An Engineer's Experience With It After a Session With Tequila.
"For manifesting a grave and imperturbable courtesy in every circumstance of life give me the Mexican people," said a civil engineer who lived in the southwest. "Here is a case in point. A dozen years ago I was visiting Hermosillo, the capital of Sonora, and falling in with an old engineering comrade one afternoon we drank not a little tequila. Tequila, or mescal, perhaps you know, is a clear white liquor distilled from the century plant and possessing much of the taste and potency of Irish whisky. There was a circus in town, and in the evening Johnson and I went up the street to see it. The performance did not greatly interest us, and we left the show before it was half through and started down the street on our way to the hotel. The tequila we had drunk was still animating us and inspiring a spirit of adventure. As we came opposite the great house of Dr. Monteverde, one of the grandees of Sonora, we saw perched on a stone post at the entrance of the courtyard a white turkey, and here we stopped and fell to guessing at the weight of the bird.
"At last, to settle our difference of opinion, we started in to catch the turkey. It ran into the courtyard, and we followed. Upon the veranda at one side of the courtyard the household were sitting enjoying the evening coolness. At our unceremonious advent they raised not a word of protest, but only laughed as the turkey ran wildly around, with Johnson and me in pursuit. After a long chase we caught the bird, and approaching the group on the veranda tried to inform them that we should like a pair of scales to weigh it with. Neither Johnson nor I had an idea what the Spanish word for scales was, and so we indicated the best we could by signs what we wanted. They showed much interest in the endeavor to catch our meaning, and at last we made ourselves understood.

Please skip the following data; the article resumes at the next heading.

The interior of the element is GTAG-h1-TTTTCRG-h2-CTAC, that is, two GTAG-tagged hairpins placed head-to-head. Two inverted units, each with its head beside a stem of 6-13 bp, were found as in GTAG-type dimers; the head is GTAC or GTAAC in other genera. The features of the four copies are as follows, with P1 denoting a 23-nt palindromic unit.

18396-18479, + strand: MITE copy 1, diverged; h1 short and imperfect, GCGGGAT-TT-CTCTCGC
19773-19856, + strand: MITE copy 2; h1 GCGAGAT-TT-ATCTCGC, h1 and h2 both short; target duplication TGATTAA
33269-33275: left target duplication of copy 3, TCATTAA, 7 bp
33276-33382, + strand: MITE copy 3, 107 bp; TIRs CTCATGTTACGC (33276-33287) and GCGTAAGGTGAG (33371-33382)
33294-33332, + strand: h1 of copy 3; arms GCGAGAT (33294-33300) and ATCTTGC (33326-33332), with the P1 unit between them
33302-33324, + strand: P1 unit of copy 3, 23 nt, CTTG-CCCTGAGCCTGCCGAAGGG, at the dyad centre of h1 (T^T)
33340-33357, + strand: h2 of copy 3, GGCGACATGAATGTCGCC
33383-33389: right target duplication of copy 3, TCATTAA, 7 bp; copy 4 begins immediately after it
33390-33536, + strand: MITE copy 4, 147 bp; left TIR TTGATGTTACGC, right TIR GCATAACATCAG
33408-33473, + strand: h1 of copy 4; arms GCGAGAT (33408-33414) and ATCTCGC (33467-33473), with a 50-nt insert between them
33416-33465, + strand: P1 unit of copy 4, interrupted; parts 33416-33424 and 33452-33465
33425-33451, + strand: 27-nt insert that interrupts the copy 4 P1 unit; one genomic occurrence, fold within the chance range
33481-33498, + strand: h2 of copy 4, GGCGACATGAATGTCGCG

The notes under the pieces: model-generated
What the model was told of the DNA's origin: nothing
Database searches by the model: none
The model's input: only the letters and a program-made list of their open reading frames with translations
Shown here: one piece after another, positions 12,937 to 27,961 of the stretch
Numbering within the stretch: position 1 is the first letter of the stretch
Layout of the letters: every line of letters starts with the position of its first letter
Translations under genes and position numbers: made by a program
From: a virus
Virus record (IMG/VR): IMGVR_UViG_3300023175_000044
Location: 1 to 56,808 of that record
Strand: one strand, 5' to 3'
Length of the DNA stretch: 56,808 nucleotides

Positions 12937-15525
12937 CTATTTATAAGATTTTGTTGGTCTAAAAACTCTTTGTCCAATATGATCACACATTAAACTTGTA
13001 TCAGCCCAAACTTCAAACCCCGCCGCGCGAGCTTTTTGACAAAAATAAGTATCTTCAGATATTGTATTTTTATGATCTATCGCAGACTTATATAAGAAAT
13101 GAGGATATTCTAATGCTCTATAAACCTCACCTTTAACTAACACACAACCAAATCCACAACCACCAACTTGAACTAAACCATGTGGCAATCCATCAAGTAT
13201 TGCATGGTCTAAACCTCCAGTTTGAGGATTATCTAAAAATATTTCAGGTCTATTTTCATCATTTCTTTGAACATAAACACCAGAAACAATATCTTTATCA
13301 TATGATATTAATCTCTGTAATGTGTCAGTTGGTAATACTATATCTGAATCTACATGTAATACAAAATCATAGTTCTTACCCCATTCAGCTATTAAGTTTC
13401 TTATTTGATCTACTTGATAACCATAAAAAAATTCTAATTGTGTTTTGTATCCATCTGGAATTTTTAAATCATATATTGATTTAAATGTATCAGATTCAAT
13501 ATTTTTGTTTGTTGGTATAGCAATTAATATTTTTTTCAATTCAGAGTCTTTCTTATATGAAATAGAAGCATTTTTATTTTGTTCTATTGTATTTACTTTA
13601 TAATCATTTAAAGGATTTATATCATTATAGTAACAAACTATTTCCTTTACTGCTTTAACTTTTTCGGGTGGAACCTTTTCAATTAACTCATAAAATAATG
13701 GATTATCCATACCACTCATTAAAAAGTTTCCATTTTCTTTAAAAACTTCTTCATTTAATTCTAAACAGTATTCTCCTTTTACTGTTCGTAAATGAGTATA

"Si, senor," said the head of the house, with perfect bonhomie, and calling a servant gave him some directions in Spanish. The servant departed, and presently came back with a pair of scales, which were placed at our disposal. We weighed the turkey, set the bird at liberty, returned the scales with thanks, and declining the courteous invitation of the hospitable hidalgo that we should sit down and have a glass of wine we lifted our hats and went on our way.
"Fancy two strangers invading private premises and going through such a madcap performance anywhere else you have over heard of, and then tell me the Mexicans are not the politest people in the world." — New York Sun.